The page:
Sir Godfrey Gregg D.Div
Friendships are special but they can be damaged or destroyed. Solomon gives us several ways we can strain or destroy a friendship.
Proverbs 25:18-19 A man that beareth false witness against his neighbour is a maul, and a sword, and a sharp arrow. 19 Confidence in an unfaithful man in time of trouble is like a broken tooth, and a foot out of joint.
Telling lies about others is as harmful as hitting them with an axe, wounding them with a sword, or shooting them with a sharp arrow.
Putting confidence in an unreliable person in times of trouble is like chewing with a broken tooth or walking on a lame foot.
Because friends are so cherished, and because we allow ourselves to be vulnerable to them, we can also be hurt. If someone says something bad about you it hurts, but if a friend says something bad about you, it wounds much more deeply. Solomon’s description is powerful, if we hurt a friend it is like wounding them with an axe, a sword, or shooting them with an arrow.
If someone lies about you it is one thing, if a friend (who you know knows better) lies about you then it is much more devastating. In these cases, it feels like a betrayal. The hurt inflicted and (we believe) intended is much greater.
The one thing we all want from a friend is someone who is reliable; someone we can depend on. If we discover that our friend is not reliable, the reality is very painful.
Proverbs 17:9 He that covereth a transgression seeketh love; but he that repeateth a matter separateth very friends.
Love prospers when a fault is forgiven, but dwelling on it separates close friends.
A second thing that can ruin a friendship is an unwillingness to forgive. Someone told me once in regard to marriage: “in every marriage, there is as much evidence of a person being a good spouse as there is of them being a bad spouse. It all depends on which evidence you want to focus on.” The same is true often in friendship. Sometimes we are unrealistic in what we want from our friends. If we focus on all the little “slights” we have experienced, then we will create a wedge with our friend. Bitterness and resentment will grow, and the friendship will be strained and may die.
The antidote is to forgive quickly. Friendships are maintained because we trust the heart of our friend and overlook things that others might determine are offences. We understand that everyone has a bad day. We know that sometimes our friends are preoccupied. No one is at their best all the time (truthfully, none of us is even at our best most of the time.) Sometimes forgiveness and silence can save a friendship.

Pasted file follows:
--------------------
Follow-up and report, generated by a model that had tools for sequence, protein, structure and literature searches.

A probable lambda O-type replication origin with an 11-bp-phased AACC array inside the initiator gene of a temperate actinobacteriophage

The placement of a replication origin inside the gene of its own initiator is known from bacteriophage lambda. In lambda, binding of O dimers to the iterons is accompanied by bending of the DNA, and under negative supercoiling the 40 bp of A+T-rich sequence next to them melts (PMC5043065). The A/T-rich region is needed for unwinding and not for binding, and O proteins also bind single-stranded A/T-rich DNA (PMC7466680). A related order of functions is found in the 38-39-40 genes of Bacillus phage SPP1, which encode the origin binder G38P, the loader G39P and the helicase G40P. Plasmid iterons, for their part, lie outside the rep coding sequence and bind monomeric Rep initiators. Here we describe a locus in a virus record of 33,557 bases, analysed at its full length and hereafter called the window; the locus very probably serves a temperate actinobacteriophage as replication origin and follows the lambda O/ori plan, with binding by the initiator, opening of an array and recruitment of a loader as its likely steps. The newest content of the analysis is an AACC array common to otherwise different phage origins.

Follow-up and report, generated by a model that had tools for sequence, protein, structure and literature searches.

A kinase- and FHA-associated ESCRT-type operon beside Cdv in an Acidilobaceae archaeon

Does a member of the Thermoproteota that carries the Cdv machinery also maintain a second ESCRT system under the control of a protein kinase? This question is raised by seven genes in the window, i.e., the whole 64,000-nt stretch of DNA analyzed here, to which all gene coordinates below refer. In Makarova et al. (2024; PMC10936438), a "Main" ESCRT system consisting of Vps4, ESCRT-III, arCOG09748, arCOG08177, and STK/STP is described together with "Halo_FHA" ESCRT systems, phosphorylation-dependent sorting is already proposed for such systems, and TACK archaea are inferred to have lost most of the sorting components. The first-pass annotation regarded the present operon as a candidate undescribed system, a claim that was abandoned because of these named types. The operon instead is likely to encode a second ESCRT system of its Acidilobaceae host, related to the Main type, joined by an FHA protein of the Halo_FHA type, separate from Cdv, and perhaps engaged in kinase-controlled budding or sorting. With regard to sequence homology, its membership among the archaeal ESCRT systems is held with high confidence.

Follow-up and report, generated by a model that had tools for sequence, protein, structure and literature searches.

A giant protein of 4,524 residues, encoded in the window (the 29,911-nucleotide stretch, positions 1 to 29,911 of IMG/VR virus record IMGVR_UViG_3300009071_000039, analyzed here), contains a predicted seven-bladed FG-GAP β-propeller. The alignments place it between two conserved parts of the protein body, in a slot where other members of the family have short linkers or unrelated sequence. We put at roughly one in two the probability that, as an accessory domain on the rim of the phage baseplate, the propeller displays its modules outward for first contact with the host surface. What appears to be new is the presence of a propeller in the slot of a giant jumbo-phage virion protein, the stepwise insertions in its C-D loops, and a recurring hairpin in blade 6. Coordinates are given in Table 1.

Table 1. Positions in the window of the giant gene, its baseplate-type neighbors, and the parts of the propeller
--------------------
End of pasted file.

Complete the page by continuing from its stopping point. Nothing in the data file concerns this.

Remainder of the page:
Proverbs 25:17 Withdraw thy foot from thy neighbour’s house; lest he be weary of thee, and so hate thee.
Don’t visit your neighbours too often, or you will wear out your welcome.
This is how Benjamin Franklin is noted for saying, “Guests, like fish, stink after three days.”
If we are constantly demanding things from our friendship; if we are becoming a “pest,” that friendship will start to erode. If you always show up at dinner time, if you always call the moment you see that someone has returned home (that is creepy on many levels!), if you text them constantly, your friend is going to start avoiding you. Obnoxious people don’t have a lot of friends.
Proverbs 18:19 A brother offended is harder to be won than a strong city: and their contentions are like the bars of a castle.
An offended friend is harder to win back than a fortified city. Arguments separate friends like a gate locked with bars.
Conflict can separate friends. Being overly sensitive will create conflict.
In 1 Corinthians chapter 6, the apostle Paul asks an important question: “Why not rather be wronged?” In other words, “isn’t it worth absorbing an offence rather than losing a relationship?” Let’s say you were planning on doing something with your friend. At the very last minute, things were cancelled. You were out a little money and your friend didn’t offer to offset the loss. You can become really angry. You can lose the friendship over this hurt. Or, you could overlook the offence, absorb the loss, and conclude that your friendship is worth more than the money.